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Connor Iapoce is an assistant editor for HCPLive and joined the MJH Life Sciences team in April 2021. He graduated from The College of New Jersey with a degree in Journalism and Professional Writing. He enjoys listening to records, going to concerts, and playing with his cat Squish. You can reach him at email@example.com.
Investigators noted a need for multidisciplinary interventions for prevention of diabetic ketoacidosis and hyperglycemic hyperosmolar state in patients with diabetes.
Although diabetic ketoacidosis (DKA) and hyperglycemic hyperosmolar state (HHS) are associated with life-threatening emergencies in patients with diabetes, there is limited data on patient-level risk factors, making it difficult to reduce frequency of these events at a larger, population level.
New research investigated sociodemographic, clinical, and treatment-related factors associated with hyperglycemic crises in adult patients with type 1 diabetes (T1D) or type 2 diabetes (T2D) in the US.
A team of investigators, led by Rozalina G. McCoy, MD, Division of Community Internal Medicine, Department of Medicine, Mayo Clinic, found factors that increased risk of hyperglycemic crises included younger age, Black race/ethnicity, low income, and poor glycemic control, noting the need for multidisciplinary interventions for prevention of DKA and HHS.
A retrospective cohort study design used medical and pharmacy claims data for adults (≥18 years) with T1D or T2D included in the OptumLabs Data Warehouse (OLDW).
The team identified individuals with diabetes through available HbA1c data between January 2014 - December 2019.
Primary outcomes for the study included rates of emergency department (ED) visits or hospitalization with a primary diagnosis of DKA or HHS between the study dates.
Data on patient age, sex, race/ethnicity, annual household income, and US census region of residence was identified from enrollment files.
Investigators determined glucose-lowering therapy based on prescriptions filled during ≥120 before the index date. In patients with T1D, the study assessed whether they had prescriptions filled for non insulin medication, prescriptions for insulin without non insulin medication, or no prescriptions.
The study assessed the association of sociodemographic factors, clinical factors, including comorbidities, and treatment factors with DKA or HHS in patients with T1D or T2D using negative binomial regression.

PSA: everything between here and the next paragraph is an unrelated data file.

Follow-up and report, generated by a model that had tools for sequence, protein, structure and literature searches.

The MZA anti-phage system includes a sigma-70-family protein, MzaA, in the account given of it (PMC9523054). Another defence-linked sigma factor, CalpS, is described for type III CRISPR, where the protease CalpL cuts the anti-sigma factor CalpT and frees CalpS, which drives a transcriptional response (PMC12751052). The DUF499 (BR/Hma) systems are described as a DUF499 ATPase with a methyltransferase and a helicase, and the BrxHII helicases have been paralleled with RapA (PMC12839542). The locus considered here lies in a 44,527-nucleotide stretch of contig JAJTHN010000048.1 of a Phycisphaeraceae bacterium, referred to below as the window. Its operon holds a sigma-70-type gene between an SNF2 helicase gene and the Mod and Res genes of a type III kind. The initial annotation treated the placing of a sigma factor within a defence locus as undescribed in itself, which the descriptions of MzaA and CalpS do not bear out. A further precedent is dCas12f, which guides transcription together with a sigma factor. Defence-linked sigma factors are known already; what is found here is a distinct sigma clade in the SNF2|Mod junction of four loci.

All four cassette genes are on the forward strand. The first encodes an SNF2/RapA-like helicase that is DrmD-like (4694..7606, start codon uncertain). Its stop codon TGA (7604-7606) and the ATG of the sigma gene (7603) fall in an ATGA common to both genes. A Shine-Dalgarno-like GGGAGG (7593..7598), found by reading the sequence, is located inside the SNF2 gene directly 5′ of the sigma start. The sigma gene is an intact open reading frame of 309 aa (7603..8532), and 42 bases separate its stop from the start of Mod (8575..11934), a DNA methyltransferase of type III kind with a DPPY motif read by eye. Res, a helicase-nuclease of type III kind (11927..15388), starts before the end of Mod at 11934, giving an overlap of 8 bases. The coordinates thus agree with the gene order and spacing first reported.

A total of 20,156 patients with T1D and 796,382 patients with T2D were included in the study, with the mean duration of 2.4 years and 2.6 years for each cohort, respectively.
Further, a total of 1273 patients with T1D (6.3%) experienced 2397 episodes of hyperglycemic crises, while 5795 patients with T2D (0.7%) experienced 8005 hyperglycemic crises.
Data show the adjusted rates of hyperglycemic crises were 52.69 events per 1000 person-years (95% CI, 48.26 - 57.12 per 1000 person-years) for patients with T1D.
In patients with T2D, the adjusted rate of hyperglycemic crises were 4.04 per 1000 person-years (95% CI, 3.88 - 4.21 per 1000 person-years).
For both patient groups, factors associated with increased risk of hyperglycemic crises included Black race/ethnicity (T1D incidence risk ratio (IRR), 1.33 (95% CI, 1.01 - 1.74); T2D IRR, 1.18; 95% CI, 1.09 - 1.27) and lower annual household income (≥$200,000 versus $40,000: T1D IRR, 0.61; 95% CI, 0.46 - 0.81; T2D IRR, 0.69; 95% CI, 0.58 - 0.86).
In addition, data show increased risk of hyperglycemic crises with high HbA1c level (≥10% versus 6.5% - 6.9%: T1D IRR, 7.81; 95% CI, 5.78 - 10.54; T2D IRR, 7.06, 95% CI, 6.26 - 7.96) and history of hyperglycemic crises (T1D IRR, 7.88; 95% CI, 6.06 - 9.99; T2D IRR, 17.51, 95% CI, 15.07 - 20.34).
Data show age had a U-shape association with hyperglycemic risk in patients with T1D, in comparison to patients aged 18 - 44 years (45 - 64 years IRR, 0.72, 95% CI, 0.59 - 0.87; 65 - 74 years IRR, 0.62, 95% CI, 0.47- 0.80; ≥75 years IRR, 0.96, 95% CI, 0.66 - 1.38).
Further, the risk of hyperglycemic crises decreased progressively with age in patients with T2D (45 - 64 years IRR, 0.57, 95% CI, 0.51 - 0.63; 65 - 74 years, IRR, 0.44, 95% CI, 0.39 - 0.49; ≥75 years IRR, 0.41, 95% CI, 0.36 - 0.47).
Investigators concluded data show efforts are needed to both facilitate engagement of these groups within the healthcare system and address potential barriers to optimal control of blood glucose level.
“Health care delivery systems should incorporate educational, clinical, and social support systems into clinical practice, and payers should consider expanding reimbursement for self-management education and social services as well as more comprehensive coverage for glucose-lowering medications, insulin, and glucose-monitoring technologies,” investigators wrote.
The study, “Sociodemographic, Clinical, and Treatment-Related Factors Associated With Hyperglycemic Crises Among Adults With Type 1 or Type 2 Diabetes in the US From 2014 to 2020,” was published online in JAMA Network Open.